"Donald and Heather are committed to caring for feral cats in more than 20 spots or ‘colonies’ each day, 365 days a year. This also involves continually practicing Trap-Neuter-Return and using spay/neuter to control the population of free roaming cats in our area. The ASPCA endorses Trap-Neuter-Return as the ONLY Humane and Effective manner of managing free roaming cat populations, and so do we! In caring for so many cats on the streets, we find many abandoned cats, especially in the current economy and college area that we are working in. Often they are in need of health care, some need extensive treatment. The MM works with our vet and local clinics to the sick and injured cats we find, and networks with the wonderful rescues and shelters in our city to help find homes for friendly, adoptable cats and kittens. We strive to provide medical care as needed to sick or injured feral cats so they can be returned to their outdoor homes to live happily and comfortably. The MM embraces a no-kill ideology and strives to treat sick and injured cats without euthanizing cats based on financial considerations or testing positive for infectious diseases. We also believe that any cat or kitten whose life will be impacted by the results of a "positive" test deserves to be retested as these results are not always correct the first time, and sometimes with time a cat will clear the antibodies or virus. They don't euthanize MLB players for testing positive! We believe all cats deserve a second chance as much as it is possible, keeping the cats quality of life & prognosis of course in primary consideration."
Currently, Obituary is planning it's next big live gig at the Chas Metal Attack VI in the Circo Volador in Mexico City, supported by Pathology and Rigor Mortis. The date for the Festival is February 4th, 2012. Check out Obituary's Facebook page for more information. More...
Exhorder and Rigor Mortis reunited to drive a metal stake into the heart of Texas. Both bands haven’t released a proper album in two decades, split up in the ‘90s and reunited (Exhorder in 2008, Rigor Mortis in 2005) to play select live shows. Rigor Mortis occasionally makes the three-plus-hour drive south to play Austin, but this performance was the first in 19 years for Exhorder. If not for promoters Motorbreath Entertainment, most in attendance would still be virgins to Exhorder’s “Anal Lust.”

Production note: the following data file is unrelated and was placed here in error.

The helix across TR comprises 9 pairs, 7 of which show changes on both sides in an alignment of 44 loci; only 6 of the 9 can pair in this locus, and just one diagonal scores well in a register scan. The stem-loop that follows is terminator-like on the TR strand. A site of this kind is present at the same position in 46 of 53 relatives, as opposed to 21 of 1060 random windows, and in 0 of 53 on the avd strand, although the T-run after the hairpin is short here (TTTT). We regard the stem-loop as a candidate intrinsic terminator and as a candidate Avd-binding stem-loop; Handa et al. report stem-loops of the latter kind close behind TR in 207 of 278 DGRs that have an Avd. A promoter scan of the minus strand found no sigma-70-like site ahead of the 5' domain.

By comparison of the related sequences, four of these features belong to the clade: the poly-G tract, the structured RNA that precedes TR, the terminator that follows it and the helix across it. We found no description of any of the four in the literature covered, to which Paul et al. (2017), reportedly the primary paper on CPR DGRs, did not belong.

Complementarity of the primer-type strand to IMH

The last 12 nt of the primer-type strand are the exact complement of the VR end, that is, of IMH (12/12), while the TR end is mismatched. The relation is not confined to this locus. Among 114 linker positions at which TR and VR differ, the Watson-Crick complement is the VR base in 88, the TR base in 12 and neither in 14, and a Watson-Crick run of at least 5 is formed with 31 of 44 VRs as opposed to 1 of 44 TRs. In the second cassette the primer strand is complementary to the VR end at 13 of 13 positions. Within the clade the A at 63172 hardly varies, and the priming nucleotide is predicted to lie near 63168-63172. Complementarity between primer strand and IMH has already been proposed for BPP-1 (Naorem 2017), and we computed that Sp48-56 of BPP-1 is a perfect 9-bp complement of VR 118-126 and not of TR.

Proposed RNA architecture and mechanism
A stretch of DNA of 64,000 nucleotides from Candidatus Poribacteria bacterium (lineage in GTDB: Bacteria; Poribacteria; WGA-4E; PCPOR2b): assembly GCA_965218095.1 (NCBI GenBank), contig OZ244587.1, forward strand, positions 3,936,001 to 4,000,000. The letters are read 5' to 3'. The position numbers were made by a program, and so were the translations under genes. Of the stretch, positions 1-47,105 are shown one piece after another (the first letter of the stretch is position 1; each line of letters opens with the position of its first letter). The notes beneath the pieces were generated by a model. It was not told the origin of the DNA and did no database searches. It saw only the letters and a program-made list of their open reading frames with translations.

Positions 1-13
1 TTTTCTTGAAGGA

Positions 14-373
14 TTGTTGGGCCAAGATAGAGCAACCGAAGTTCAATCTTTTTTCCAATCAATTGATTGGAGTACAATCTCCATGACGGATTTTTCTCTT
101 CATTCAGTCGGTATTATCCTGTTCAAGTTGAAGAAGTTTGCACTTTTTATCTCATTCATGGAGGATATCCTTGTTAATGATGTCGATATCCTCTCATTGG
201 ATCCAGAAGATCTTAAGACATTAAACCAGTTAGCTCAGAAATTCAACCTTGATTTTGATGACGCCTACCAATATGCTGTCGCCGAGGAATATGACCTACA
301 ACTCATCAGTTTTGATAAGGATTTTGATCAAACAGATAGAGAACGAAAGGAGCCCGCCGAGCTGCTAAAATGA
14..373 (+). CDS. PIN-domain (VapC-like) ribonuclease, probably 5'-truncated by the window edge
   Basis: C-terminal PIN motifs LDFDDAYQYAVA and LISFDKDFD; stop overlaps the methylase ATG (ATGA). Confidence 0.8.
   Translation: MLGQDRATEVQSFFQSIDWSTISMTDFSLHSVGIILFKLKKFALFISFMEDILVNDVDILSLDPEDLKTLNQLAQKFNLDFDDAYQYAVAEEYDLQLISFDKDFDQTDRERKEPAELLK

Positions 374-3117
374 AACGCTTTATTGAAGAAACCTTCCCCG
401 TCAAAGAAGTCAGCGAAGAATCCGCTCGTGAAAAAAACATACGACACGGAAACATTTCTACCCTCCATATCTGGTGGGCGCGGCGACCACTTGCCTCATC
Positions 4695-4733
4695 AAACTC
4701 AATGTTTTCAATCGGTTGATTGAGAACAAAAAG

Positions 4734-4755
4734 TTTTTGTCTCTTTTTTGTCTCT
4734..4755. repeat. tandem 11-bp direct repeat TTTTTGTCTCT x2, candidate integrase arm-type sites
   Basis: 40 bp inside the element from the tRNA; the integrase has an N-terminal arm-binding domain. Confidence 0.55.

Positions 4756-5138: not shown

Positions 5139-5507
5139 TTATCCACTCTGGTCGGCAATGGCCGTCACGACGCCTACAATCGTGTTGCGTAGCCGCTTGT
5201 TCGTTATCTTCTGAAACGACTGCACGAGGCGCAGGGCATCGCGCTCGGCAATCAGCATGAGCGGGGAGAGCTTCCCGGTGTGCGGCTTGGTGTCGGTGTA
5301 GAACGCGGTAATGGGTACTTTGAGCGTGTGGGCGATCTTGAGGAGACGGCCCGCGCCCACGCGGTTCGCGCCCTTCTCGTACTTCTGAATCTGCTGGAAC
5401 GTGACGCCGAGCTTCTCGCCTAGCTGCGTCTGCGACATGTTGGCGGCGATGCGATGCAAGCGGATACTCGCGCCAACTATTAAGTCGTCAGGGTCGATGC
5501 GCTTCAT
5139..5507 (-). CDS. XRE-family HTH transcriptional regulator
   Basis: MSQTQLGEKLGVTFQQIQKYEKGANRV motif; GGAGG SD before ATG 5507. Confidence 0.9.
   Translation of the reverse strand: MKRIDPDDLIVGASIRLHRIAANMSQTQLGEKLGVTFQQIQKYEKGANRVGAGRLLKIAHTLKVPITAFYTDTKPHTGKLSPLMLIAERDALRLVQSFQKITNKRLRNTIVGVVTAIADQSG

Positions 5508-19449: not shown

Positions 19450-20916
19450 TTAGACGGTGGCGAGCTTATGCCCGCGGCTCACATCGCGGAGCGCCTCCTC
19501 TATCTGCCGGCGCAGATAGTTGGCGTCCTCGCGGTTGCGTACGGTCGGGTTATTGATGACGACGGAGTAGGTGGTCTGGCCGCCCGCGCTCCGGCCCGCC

Before Exhorder made its glorious return, local acts The Blood Royale, Hod and Dead Earth Politics took the stage. The Blood Royale opened the show with a crusty mix of old hardcore, grind, thrash and punk. Featuring JT of stoner rockers Dixie Witch, the band bombed the crowd with a furious attack of D-beats. During the group’s sound check, Exhorder vocalist Kyle Thomas told me they sounded good. I nodded and said they remind me of Motorhead. Guitarist/vocalist Timmo had a definite, Lemmy-type scruff in his voice.
Since forming in 2006, Hod has overcome band changes and come together as a cohesive unit. Decked out in black jeans and black leather vests, the group held their instruments like swords and shields, eagerly awaited front man Beer Reeb’s battle charge: “We are Hod and we play fucking metal.” Once he gave the signal, much metal playing ensued. The members' hair swirled in unison to the death/black/thrash/speed witches brew that one can only categorize as metal. I formerly described their music as a mix of Marduk and Morbid Angel. While those influences are still apparent, newer songs “Beware the Death Horse,” “In the Den of Wolves” and “Beneath the Mountain of the Scorpions” offer a greater range of sounds. Check these guys out on their tour supporting Marduk.
Dead Earth Politics played loud and aggressive. Their take on the groove metal sound proved a good choice to open for Exhorder. I can’t provide many details about their set because I was socializing at the time. Rigor Mortis and Exhorder gave them a big thumb up, though, and Rigor Mortis said they were friends with the band.
The crowd greeted Texas thrash legends, Rigor Mortis with banging heads, pumping fists and the occasional flaying knee and elbow. Singer Bruce Corbitt stalked the stage like one of the many serial killers described in his gore-strewn lyrics. His yelled vocals possessed a crossover flare reminiscent of Kurt Brecht of D.R.I. The group’s use of only one guitarist outlined Corey Orr’s punky bass lines and Mike Scaccia’s wild guitar solos.